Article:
Cloud computing has become ubiquitous in modern business. It seems for every mission-critical process, there’s a cloud service that can help you optimize it. Data warehousing is one such process that benefits from the cloud treatment, with Amazon’s Redshift enabling large-scale analysis of multiple data sources.
In this guide, we’ll walk you through the process of loading data into Amazon Redshift and demonstrate how CloverDX can accelerate your data migration process.
A simpler data migration process with Redshift and CloverDX
Amazon Redshift is a fast, scalable data warehouse that makes it simple and cost-effective to analyze all your data across your data warehouse and data lake. You can start with just a few hundred gigabytes of data and scale to a petabyte or more.
While there are plenty of challenges that come with data migration, including lack of standardization and poor system design, when you use Clover DX, loading data into Amazon Redshift is easy as ABC. This means you spend less time migrating and more time uncovering insights within your data.
In this tutorial, we’ll show you how to create transformations that read data from the source and load it into Redshift. Luckily, this will work with any data source.
With the help of CloverDX, you’ll be able to load data to Redshift with very little effort and in a matter of minutes. There’s a reason we call it rapid data integration.
Uploading data to Amazon Redshift with CloverDX is easy as ABC.
Amazon Redshift - Theoretical Fundamentals
Let’s start with a little bit of theory – enough to explain the basics. Amazon Redshift allows you to upload data in many ways. However, its documentation recommends that you use the COPY command from S3. During our testing we confirmed that COPY from S3 is by far the fastest solution. So, we’ll use the COPY command with Amazon S3 bucket. CloverDX will get the data, prepare it, and upload it to Amazon S3. Afterwards, it’ll invoke the COPY command and move data to Redshift.
In order to move data to Redshift, you’ll need a two-step data integration process.
In the first step, connect to the source of the data – in this case, it’s MongoDB. To connect to MongoDB, the standard CloverDX connector will be used. Just fill in all necessary fields and you’re good to go.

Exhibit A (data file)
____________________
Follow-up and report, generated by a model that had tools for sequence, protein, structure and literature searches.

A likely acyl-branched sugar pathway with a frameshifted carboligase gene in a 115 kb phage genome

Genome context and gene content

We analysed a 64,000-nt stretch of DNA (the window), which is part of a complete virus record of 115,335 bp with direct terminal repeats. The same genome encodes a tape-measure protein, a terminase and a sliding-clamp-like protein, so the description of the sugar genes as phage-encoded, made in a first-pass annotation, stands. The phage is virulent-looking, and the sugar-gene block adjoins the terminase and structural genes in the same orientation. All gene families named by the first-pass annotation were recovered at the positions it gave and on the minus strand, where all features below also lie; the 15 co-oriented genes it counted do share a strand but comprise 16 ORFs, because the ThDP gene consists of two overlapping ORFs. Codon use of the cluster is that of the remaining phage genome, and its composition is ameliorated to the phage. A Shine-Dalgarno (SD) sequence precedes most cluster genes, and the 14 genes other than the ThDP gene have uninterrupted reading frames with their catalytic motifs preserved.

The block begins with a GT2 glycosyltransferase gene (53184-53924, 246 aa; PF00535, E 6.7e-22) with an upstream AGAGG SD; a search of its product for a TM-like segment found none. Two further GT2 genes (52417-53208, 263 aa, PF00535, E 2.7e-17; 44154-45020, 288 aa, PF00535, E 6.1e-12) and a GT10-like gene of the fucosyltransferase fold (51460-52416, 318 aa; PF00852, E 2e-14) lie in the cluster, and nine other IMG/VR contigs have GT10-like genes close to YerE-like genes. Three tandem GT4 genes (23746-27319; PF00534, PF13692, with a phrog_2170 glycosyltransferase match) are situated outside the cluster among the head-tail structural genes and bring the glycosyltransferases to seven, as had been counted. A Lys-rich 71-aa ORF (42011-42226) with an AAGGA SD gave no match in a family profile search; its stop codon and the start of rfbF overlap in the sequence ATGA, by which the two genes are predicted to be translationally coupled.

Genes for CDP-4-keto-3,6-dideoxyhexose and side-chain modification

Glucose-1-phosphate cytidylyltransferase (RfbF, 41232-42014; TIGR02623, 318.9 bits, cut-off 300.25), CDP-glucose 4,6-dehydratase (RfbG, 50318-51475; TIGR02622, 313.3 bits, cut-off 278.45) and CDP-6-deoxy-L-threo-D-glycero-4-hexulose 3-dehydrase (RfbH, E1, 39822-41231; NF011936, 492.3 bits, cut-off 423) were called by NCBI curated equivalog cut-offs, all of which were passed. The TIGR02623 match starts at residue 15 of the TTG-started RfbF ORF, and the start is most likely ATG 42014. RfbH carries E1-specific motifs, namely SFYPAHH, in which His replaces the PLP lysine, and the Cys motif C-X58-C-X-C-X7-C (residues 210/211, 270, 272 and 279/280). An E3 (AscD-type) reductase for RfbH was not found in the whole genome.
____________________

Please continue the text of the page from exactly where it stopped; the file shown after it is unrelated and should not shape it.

The second step, uploading, will be a little trickier. Rather than putting the whole transformation into a single graph, it’s actually much better to create a subgraph that will take care of the upload to Redshift. Among its many advantages, subgraphs are reusable, making any data integration that involves uploads to Redshift fast and easy.
The trickier part is handled in the subgraph.
To make sure that the COPY command is executed only after all S3 uploads are finished, you’ll need to set two different phases in subgraph.
Split incoming data into several csv files. It's not necessary, but we suggest you do it to utilize parallel processing in the cloud. Then upload data to S3. CloverDX has native support of S3, so writing to the cloud is like writing to any other destination.
When the data is stored in the S3 bucket, the subgraph extracts the field names from metadata, prepares the COPY command, and executes it using the DBExecute component.
Now, just place the subgraph into the graph like any other component. Set your parameters (Amazon credentials – related to S3 and Redshift, table name), connect an edge to it, and you are good to go.
The beauty of this is that the Redshift subgraph is completely universal. It takes the credentials and the table name as the input parameter. Data comes on the input edge and field names are extracted automatically from metadata. You can use this subgraph to store any data to Redshift. Additionally, you can perform any other data operation you want before loading data into Redshift – like combing data from multiple sources, validating it, or filtering it. Whatever you need.
To better grasp the versatility of this subgraph, let’s take a look at the example below. It performs three Amazon Redshift uploads. The first one combines data from the file and SOAP web service. The second one filters data from MongoDB, and the third one just moves the data from the database.
You can use the Redshift subgraph in many ways.
Lightning fast data loading
As you can see, it’s easy to use CloverDX to load data to Amazon Redshift. No matter the source of your data, using this subgraph will help you upload it in just a few minutes.
Let’s review the key steps:
Use the COPY command from S3 for the fastest solution
Connect to the source of data using the Clover DX connector
Don’t put the whole transformation into a single graph, instead create a subgraph
Split incoming data into several csv files, then upload data to S3
Place the subgraph into the graph like any other component
Set your parameters
Connect an edge
Following these 7 simple steps will help you take control of the data loading process and reduce the time it takes to complete simple tasks. But, before we leave you, here are few other useful tips:
Only UTF-8 encoding is supported in Amazon Redshift. To avoid errors make sure data is in this format
If your CSV has headers, use the IGNORE HEADER parameter for the COPY command.
Many things can go wrong with this kind of migration. So remember to consult the stored errors, found in the systems table, if you have any issues.
Of course, loading data is just one part of the data migration process. Our tools also handle large-scale, data intensive operations, so no matter what your data problem, we can help you move from concept to working solution quicker than ever before.